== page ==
"Saint Joan" is a tightly structured, passionately intellectual debate about moral and political commitment, the play is meant to ignite our spirits by way of our brains, and Thompson's approach only muddles its thinking.
If a director is going to have a signature style, he needs to know when its inappropriate. Take Brit helmer Gregory Thompson. He uses his troupe AandBC to create highly physical shows with improvised blocking that make direct contact with the audience. And while that visceral approach may be ideal for some scripts, it is anathema to Shaw’s “Saint Joan.” A tightly structured, passionately intellectual debate about moral and political commitment, the play is meant to ignite our spirits by way of our brains, and Thompson’s approach only muddles its thinking.
Writing in 1923, three years after the Catholic Church finally made Joan of Arc (Louise Collins) a saint, Shaw makes each scene an energizing argument between individual freedom (Joan) and the power of established authority (Catholic ministers and feudal lords).
Though he eventually sides with the Maid of Orleans, who said God commanded her to lead French armies against the British, he makes her opponents as articulate as she is. The Church and the nobles burn Joan as a heretic, but just like her, they act out of deeply held beliefs. The play proves that conviction can create tragedy as easily as triumph.
Masterfully delivered, the script’s long, rhetorical speeches double as first-rate entertainment, and even in this production, Shaw’s wit remains evident.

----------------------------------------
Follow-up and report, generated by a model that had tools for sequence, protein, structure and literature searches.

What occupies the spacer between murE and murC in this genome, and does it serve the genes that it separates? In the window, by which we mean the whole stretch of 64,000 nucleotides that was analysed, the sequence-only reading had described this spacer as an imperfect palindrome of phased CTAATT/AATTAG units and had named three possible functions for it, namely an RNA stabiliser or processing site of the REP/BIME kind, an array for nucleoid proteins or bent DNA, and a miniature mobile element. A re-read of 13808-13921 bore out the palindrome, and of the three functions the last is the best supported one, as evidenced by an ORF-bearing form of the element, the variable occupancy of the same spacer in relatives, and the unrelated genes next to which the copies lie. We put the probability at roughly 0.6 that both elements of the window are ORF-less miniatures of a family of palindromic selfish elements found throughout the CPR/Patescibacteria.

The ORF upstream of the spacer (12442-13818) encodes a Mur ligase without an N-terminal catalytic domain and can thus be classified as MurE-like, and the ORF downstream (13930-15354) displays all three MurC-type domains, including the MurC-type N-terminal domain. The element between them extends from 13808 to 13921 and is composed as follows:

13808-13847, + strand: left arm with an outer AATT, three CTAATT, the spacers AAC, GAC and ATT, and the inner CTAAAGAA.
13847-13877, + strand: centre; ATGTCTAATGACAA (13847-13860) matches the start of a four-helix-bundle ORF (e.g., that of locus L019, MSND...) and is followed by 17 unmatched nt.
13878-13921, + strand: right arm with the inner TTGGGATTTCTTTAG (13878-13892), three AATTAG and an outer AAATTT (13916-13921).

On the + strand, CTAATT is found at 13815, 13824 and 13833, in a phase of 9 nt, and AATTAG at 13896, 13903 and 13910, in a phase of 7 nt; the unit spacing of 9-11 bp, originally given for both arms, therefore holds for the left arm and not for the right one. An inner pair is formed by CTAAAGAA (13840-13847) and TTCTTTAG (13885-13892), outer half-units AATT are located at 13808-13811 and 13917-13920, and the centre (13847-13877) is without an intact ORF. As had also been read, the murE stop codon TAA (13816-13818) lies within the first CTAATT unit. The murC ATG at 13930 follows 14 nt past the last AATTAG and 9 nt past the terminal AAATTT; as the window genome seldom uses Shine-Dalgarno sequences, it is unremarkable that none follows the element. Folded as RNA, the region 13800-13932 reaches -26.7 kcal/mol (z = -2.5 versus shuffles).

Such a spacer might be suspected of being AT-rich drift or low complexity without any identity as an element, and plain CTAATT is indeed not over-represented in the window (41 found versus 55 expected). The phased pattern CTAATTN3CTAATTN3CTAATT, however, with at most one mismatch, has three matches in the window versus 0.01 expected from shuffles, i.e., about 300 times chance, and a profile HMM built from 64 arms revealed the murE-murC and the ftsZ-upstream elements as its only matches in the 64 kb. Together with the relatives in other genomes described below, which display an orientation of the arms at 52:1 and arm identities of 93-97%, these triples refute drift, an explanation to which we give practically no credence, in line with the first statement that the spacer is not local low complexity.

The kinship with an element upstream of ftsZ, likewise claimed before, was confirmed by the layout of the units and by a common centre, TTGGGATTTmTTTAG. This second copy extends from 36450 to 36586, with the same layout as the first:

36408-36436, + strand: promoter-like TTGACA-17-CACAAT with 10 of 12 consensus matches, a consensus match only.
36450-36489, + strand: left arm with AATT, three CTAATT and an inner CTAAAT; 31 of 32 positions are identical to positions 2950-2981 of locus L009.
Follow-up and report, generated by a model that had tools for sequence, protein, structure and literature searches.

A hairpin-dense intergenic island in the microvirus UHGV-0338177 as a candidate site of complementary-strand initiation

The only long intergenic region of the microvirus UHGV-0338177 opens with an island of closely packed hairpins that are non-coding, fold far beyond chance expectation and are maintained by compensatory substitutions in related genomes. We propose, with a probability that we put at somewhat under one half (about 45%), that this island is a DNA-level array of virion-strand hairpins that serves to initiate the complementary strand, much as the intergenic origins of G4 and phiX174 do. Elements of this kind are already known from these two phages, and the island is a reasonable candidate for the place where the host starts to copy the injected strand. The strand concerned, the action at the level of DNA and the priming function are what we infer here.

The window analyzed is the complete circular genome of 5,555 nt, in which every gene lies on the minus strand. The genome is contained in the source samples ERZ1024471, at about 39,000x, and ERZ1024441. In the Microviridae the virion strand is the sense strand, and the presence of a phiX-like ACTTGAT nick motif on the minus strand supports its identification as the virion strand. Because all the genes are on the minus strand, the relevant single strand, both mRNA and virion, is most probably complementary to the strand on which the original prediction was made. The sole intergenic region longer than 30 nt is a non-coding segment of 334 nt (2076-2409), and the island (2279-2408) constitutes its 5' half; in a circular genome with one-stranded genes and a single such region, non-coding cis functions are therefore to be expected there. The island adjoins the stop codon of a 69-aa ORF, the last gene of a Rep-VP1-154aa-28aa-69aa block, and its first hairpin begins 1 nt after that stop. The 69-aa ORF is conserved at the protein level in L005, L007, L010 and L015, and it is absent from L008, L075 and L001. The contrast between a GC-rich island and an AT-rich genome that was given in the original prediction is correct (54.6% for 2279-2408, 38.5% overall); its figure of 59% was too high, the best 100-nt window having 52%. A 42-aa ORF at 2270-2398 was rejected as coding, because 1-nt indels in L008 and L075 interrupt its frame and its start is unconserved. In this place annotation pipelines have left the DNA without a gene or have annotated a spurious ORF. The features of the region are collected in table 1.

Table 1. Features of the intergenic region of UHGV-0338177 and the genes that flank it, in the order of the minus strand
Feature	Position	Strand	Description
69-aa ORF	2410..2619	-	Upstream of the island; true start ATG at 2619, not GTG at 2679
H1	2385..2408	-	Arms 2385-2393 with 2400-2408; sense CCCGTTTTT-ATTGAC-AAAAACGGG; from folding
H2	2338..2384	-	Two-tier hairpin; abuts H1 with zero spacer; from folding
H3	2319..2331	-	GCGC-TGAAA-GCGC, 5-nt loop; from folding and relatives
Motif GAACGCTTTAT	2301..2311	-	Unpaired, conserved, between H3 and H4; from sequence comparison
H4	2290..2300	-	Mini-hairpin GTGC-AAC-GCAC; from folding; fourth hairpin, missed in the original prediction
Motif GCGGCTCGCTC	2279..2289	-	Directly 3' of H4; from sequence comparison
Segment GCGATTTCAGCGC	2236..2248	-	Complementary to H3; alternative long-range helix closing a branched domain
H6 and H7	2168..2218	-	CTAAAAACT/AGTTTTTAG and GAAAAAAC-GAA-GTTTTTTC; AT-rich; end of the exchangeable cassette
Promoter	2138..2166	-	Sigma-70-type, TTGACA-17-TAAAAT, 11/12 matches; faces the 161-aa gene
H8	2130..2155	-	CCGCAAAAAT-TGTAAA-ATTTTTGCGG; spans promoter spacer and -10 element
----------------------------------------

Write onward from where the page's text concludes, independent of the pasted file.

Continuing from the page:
But Thompson too seldom trusts Shaw to reach us without his help. For almost four hours, actors rarely stand still and speak. Rather, they flit madly about the stage, picking random moments to address the crowd, leap on each other’s backs, or climb under tables.
Since AandBC’s mission statement says it wants to make “profound texts accessible,” this hustle and bustle is probably supposed to assure us that dense ideas can be exciting and sexy. However, the loose blocking only leads to undisciplined work.
Instead of finding the subtle emphasis in Shaw’s writing, actors mostly shout their lines. Instead of making their movements reflect some aspect of a character or a scene, they rely on stock gestures. Whenever Joan is upset, for instance, Collins throws both arms in front of her, palms up, and then jerks them down again. It’s an empty move that says she doesn’t know what to do with her hands.
Nuance also suffers because actors perform in the round; when they turn their back on part of the crowd, they don’t speak loudly enough to be heard. (At least the spurned auds can focus on Ellen Cairns’ clever set. With nothing more than a drop cloth and some pulleys, she creates a tent, a battlefield, and the throne room of a French king.)
In another inscrutable choice, Thompson starts with the play’s epilogue, in which the ghosts of various characters explain what they have learned. He stages it as a modern-day rehearsal. Thesps sit around in street clothes, and one monologue is interrupted by a performer’s cell phone. Another gets cut off when an actor barges in late.
This move begs us to see the play in modern terms, but the epilogue’s statements have less meaning if we haven’t already met the characters. Besides, Shaw asserts the play’s relevance himself when he sends a ghost from the 20th century to explain how Joan’s legacy has survived.
That speech, though, is the one interrupted by a latecomer, meaning Shaw’s statement takes a backseat to the director’s.